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If you’ve been keeping up with the blog, you’re well versed in borrower extension options. To refresh, those are loan extensions that the borrower and lender negotiate at origination. While this is probably the most common type of extension, loans can also be extended past the stated maturity date when a borrower extension option doesn’t exist. We will discuss why this may occur so investors can get comfortable with various scenarios that may affect investment term and payment timing.

Is Maturity Default Always a Negative Scenario?

Typically, if a loan goes past maturity and there’s no pre-existing extension option, it enters into maturity default. While maturity defaults can signify a red flag because the borrower has not paid the loan when due, there are causes for late payoffs that lenders typically get comfortable with. For example, a property may be under contract to be sold, but the sale is not complete. In this case, the borrower has effectively made a decision to pay interest (including default interest, if any is due) on the existing loan rather than refinance or extend the loan for the short period until the property is sold.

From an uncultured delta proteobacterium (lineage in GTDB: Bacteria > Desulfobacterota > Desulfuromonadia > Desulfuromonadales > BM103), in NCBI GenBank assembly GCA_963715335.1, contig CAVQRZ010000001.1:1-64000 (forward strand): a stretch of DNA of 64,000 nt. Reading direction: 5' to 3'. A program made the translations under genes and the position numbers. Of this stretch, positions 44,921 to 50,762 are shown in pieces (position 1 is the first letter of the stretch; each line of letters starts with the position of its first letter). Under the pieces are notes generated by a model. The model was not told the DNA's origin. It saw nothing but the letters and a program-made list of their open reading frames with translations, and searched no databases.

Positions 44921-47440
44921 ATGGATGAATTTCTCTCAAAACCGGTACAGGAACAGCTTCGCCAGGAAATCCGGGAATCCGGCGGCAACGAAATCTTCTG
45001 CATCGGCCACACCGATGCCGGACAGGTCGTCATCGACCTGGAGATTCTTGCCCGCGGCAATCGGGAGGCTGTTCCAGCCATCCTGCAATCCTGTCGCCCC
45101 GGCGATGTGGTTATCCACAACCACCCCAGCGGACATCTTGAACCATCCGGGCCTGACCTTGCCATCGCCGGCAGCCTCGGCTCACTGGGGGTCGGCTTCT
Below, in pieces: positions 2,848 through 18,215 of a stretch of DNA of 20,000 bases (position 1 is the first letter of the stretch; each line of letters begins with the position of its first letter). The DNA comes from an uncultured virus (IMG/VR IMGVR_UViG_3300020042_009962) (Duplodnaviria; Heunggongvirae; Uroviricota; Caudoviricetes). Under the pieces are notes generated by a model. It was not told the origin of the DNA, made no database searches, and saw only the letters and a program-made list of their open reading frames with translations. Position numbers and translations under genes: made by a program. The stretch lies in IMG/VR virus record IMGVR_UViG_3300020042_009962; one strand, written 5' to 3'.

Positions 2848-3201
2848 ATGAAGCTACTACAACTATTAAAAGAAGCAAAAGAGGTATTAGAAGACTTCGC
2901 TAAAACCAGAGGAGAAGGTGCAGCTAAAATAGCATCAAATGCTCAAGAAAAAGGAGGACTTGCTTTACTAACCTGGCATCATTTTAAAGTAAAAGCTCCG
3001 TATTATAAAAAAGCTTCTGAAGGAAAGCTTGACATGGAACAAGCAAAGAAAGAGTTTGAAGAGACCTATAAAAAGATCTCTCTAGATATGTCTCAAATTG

A similar set of circumstances can occur when a borrower has decided to refinance the property but the refinancing has not yet closed. In this case, the borrower goes into maturity default on the existing loan while finalizing takeout financing. In cases where there is a maturity default, PeerStreet has options, including the granting of a short-term extension (typically two-to-three months) or proceeding with a foreclosure process. Extensions are granted on a case-by-case basis taking into consideration a number of factors. Of particular importance are a strong payment track record and a new valuation indicating an acceptable LTV ratio. Typically in such situations, an extension fee is paid by the borrower and shared with investors in that particular loan.

How PeerStreet Acts in the Event of a Default

Sometimes, surpassing the maturity date is indicative of a material problem with a loan, and in those instances, PeerStreet is closely involved in remedying the problem. In the event that we begin the foreclosure process, this may expedite the borrower paying off the loan, and at any time before or after the foreclosure process commences, PeerStreet may elect to restructure the loan. If initiating the foreclosure process does not result in the borrower paying off the loan, and we do not restructure or extend the loan, then PeerStreet would take steps to sell the collateral and return recovered proceeds to investors as soon as possible.

Our real estate team has extensive experience in origination, asset management, workouts and restructurings. In any situation, the team will collectively work towards a solution with investor’s interest in mind. Investors can expect to be kept up-to-date on the status of all their loan investments in the notifications section of their dashboard. If you ever have questions about PeerStreet investments, you can always reach out to and our team would be more than happy to help.

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